Posted on: 10 October 2017
Many small businesses don't start out with any employees: it's just the proprietors handling everything themselves. When you reach a point where you have to hire employees, this is a good sign; your business has grown to where you need and can support help. However, this also means that you have to handle a payroll, and payroll mistakes can end up costing you a lot of money if you aren't careful. Take a look at some common payroll mistakes that small business owners make and find out how to avoid them.
Confusing Employees and Contractors
Maybe you don't need full or even part-time help, but just someone to handle a specific project or help out during a particularly busy time period. In that case, you might decide to hire an independent contractor instead of an employee. This can often be much simpler for a small business. Contractors handle their own taxes, for example, which is less work for you.
However, the line between "independent contractor" and "employee" can easily become blurred. When that happens, you can find yourself in trouble with the IRS. If the IRS finds that you've misclassified employees as contractors, you could be liable for paying back payroll taxes and be saddled with fines and penalties.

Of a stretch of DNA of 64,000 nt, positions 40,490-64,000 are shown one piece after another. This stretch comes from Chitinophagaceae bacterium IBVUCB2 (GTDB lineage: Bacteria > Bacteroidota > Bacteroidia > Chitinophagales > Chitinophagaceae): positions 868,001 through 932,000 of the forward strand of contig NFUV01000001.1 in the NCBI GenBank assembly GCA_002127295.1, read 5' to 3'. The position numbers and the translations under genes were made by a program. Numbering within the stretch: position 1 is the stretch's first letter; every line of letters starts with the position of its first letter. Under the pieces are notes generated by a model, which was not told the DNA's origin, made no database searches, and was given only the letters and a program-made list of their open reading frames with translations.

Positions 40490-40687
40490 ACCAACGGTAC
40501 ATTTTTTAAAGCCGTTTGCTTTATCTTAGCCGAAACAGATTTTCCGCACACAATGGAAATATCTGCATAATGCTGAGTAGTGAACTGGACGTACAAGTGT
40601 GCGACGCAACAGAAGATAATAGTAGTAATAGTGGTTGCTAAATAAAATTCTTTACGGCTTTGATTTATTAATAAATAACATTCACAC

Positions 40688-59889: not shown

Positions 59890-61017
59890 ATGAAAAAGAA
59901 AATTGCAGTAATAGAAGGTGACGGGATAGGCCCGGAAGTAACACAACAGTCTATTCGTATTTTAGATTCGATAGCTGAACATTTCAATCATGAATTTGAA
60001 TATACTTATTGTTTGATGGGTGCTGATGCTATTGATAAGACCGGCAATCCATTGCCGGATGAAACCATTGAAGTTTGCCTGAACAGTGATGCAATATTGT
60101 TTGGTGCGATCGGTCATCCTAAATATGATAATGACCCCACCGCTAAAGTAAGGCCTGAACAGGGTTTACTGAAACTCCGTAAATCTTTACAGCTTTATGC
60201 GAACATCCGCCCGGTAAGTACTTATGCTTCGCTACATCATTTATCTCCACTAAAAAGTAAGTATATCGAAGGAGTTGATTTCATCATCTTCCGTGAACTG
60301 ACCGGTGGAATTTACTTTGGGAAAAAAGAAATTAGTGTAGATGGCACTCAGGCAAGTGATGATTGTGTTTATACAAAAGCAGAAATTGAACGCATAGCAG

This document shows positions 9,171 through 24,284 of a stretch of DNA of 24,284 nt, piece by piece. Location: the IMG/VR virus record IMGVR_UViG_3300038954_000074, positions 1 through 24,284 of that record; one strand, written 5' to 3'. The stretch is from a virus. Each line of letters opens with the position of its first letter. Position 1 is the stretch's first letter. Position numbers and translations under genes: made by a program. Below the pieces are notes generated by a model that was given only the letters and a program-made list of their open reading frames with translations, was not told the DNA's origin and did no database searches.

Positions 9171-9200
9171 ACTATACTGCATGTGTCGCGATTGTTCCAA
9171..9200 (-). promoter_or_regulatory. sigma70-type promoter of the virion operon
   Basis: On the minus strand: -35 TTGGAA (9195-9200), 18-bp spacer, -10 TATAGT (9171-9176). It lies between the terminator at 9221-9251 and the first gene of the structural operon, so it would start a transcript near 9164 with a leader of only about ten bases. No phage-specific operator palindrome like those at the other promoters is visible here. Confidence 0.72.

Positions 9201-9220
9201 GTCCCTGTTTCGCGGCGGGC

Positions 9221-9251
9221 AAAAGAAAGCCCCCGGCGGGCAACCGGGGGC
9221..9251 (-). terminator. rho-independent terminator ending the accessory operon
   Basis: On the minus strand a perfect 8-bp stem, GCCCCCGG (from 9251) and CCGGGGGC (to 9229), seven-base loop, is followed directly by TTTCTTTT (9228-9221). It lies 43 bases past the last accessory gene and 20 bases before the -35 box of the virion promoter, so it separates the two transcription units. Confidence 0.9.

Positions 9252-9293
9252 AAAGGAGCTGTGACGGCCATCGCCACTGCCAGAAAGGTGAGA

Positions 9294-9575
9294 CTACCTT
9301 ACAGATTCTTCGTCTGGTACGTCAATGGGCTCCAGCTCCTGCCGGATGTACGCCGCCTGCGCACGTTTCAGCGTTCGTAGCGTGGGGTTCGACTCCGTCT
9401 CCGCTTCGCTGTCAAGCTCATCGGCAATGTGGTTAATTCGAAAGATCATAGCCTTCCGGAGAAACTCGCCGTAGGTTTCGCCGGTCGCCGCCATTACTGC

There are ways to tell whether a worker should be classified as an employee or a contractor. For example, contractors can choose when and where to work and are usually only hired on a temporary basis. Make sure that you get this distinction right.
Not Withholding Taxes From Bonuses
If you can not only afford to hire employees but can also afford to give them a bonus for their hard work, congratulations! That probably means that your business is doing great. But don't forget to withhold taxes from those bonuses.
Employee bonuses are considered taxable income by the IRS, so you'll need to deduct federal, state, and FICA taxes just the way you do from ordinary paychecks. Those bonus payments also need to be included when you calculate things like unemployment taxes, and you'll need allow your employees to change their withholding authorization information on their W-4 form for the paycheck with the bonus on it.
Not Posting Workplace Posters
The posters that you see in workplace break rooms which explain the minimum wage or the Family Medical Leave Act aren't just decoration, and employers don't put them up just to be helpful. Those posters are required by law, and if you're putting people on the payroll, you're going to need some too.
Posters may not seem like a payroll issue, but they can be. There have been cases where employees were able to claim additional overtime because the employer neglected to put up the poster explaining overtime pay. You can also be subject to other fines and penalties if you don't put up the workplace posters relevant to your business.
A good payroll services company can help you ensure that your deductions are in order and that you're in compliance with any payroll-related laws that apply to you. Outsourcing your payroll tasks to payroll experts can help you avoid costly mistakes and free you up to focus on your business.Share